The only three books I've read more than once

Hey, friends.

I'm feeling so back-to-school this week. Autumn is coming, I'm wearing fresh kicks, I got my hair did. Plus, last week, we tore it up for the kick-off Berlin date of #TheHumanJukeboxProject. The show went SO well.

I've gotten a couple compliments recently about how I'm brave to be "pursuing my dreams" and how I "seem to have it more together than the rest of us." First, flattered. I mostly just try to be as honest as I can... and also, let's just chalk a lot of that up to my incredible email skills and strong Instagram game. (Also, never underestimate the value of getting yourself a professional headshot. Seriously, that's career-hack number one.)

But then I thought, there are three huge resources in my life that I can pass onto the rest of you.These are the only three books I've ever read more than once. Which surely reveals something, I guess, considering I was an English major.

(1) How To Be A Woman by Caitlin Moran. I so dig Caitlin. This is her self-proclaimed autobiography-come-feminist-manifesto and, for me, it really struck a nerve about how to step into your own powerful-even-if-its-messy persona. Over the last couple years, I've started calling myself a woman and not a girl. I call my friends women, and not girls. This book will help you let go of all notions of successful women as perfect, photoshopped, emotionless creatures. (Note: I sometimes hesitate to recommend this book to Americans, because the humor is *quite* British, but have a stab at it and see how you get on.)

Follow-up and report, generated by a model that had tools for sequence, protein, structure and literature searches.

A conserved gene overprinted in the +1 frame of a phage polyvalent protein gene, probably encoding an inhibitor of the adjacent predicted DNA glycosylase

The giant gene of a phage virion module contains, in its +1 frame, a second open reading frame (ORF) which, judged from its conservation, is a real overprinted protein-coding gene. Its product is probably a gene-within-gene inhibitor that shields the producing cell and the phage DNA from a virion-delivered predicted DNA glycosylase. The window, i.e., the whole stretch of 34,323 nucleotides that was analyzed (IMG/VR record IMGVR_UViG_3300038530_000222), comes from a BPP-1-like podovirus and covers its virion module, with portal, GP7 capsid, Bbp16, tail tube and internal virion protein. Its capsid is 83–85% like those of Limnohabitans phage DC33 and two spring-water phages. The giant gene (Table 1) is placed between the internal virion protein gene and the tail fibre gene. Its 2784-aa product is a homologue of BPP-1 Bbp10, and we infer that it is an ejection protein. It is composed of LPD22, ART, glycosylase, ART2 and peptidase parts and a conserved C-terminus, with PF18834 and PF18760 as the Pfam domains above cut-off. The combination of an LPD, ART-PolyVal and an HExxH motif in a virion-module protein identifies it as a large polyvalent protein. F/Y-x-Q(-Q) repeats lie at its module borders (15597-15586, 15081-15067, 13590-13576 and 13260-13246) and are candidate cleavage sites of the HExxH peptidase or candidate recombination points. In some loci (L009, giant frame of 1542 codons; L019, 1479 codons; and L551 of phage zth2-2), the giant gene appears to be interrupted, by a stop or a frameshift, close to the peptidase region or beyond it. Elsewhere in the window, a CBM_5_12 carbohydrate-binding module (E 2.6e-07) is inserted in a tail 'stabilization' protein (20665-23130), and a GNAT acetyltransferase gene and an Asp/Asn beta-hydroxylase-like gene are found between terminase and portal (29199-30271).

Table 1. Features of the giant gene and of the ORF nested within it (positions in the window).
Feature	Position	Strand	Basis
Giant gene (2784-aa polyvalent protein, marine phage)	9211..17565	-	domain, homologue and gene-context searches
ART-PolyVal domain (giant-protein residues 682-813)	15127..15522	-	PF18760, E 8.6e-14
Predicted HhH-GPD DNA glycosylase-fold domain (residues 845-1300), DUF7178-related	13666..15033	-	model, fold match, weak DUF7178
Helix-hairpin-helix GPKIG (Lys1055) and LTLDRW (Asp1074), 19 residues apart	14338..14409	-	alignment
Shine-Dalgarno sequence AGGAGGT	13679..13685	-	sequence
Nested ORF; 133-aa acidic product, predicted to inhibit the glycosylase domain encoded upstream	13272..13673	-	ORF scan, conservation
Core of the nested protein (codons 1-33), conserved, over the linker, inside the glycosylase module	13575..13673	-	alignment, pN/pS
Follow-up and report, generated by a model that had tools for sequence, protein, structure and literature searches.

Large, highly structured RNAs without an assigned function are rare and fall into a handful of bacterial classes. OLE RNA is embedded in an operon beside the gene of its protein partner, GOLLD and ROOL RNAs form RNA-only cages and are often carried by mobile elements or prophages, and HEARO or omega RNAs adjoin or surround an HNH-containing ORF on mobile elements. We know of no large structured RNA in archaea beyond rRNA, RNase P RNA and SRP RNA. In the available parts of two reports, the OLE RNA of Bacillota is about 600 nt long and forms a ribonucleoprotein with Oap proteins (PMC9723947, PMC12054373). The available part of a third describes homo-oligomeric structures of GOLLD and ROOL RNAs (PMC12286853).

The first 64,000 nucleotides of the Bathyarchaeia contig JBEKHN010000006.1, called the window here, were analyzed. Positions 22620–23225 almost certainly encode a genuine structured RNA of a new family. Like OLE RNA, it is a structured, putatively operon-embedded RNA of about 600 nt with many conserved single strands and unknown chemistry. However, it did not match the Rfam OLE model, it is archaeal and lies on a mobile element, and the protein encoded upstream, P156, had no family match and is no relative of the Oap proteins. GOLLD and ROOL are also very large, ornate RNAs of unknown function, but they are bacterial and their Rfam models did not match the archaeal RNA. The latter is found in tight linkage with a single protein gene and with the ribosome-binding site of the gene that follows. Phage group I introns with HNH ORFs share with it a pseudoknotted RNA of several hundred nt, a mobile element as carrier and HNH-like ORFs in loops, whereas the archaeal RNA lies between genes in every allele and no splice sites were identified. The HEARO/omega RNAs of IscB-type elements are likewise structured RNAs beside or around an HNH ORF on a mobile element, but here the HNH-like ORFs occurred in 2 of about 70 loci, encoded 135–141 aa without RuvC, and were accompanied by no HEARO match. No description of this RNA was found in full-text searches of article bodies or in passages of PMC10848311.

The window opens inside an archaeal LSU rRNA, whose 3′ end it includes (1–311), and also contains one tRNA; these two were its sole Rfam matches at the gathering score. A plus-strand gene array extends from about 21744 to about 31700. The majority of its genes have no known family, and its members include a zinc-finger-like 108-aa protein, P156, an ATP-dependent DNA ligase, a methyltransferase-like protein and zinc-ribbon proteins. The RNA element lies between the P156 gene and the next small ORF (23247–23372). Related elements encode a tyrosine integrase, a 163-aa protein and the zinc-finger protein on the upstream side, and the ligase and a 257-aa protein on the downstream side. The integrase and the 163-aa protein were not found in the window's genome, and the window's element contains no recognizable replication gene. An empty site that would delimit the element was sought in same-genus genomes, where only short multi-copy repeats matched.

For a taste, watch an interview with Caitlin here.

(2) The Defining Decade by Dr. Meg Jay: Why Your Twenties Matter. This book is often referred to as the bible in my family. Modern-day case studies and thoughts from a psychologist who specializes in twenty-somethings. The underlying rule here: Do something today that your tomorrow self will thank you for... Just read it.

For a taste, watch Dr. Jay's TED talk here.

(3) The Art of Asking by Amanda Palmer. I'm re-reading this one right now. Another autobiography, kind of. Amanda Palmer ran the most successful music crowdfunding ever in 2012, raising over $1,000,000 -- without being signed to a label. This book is a great study in making it one day at a time, creating your own unconventional job, fighting imposter syndrome, and letting your community love you. I think this is my favorite book of all time. An incredible story for anyone who likes learning about how wacky creatives "made" it.

For a taste, watch Amanda's TED talk here. (It actually inspired the book. But read the book. It's SO worth it.)

It's getting colder out. Cuddle up with a cup of tea, shut down Netflix for a night, and start reading one of these books. Let me know how you get on. I'll be excited to hear what you think.

As always, hugs from me.

x Alexa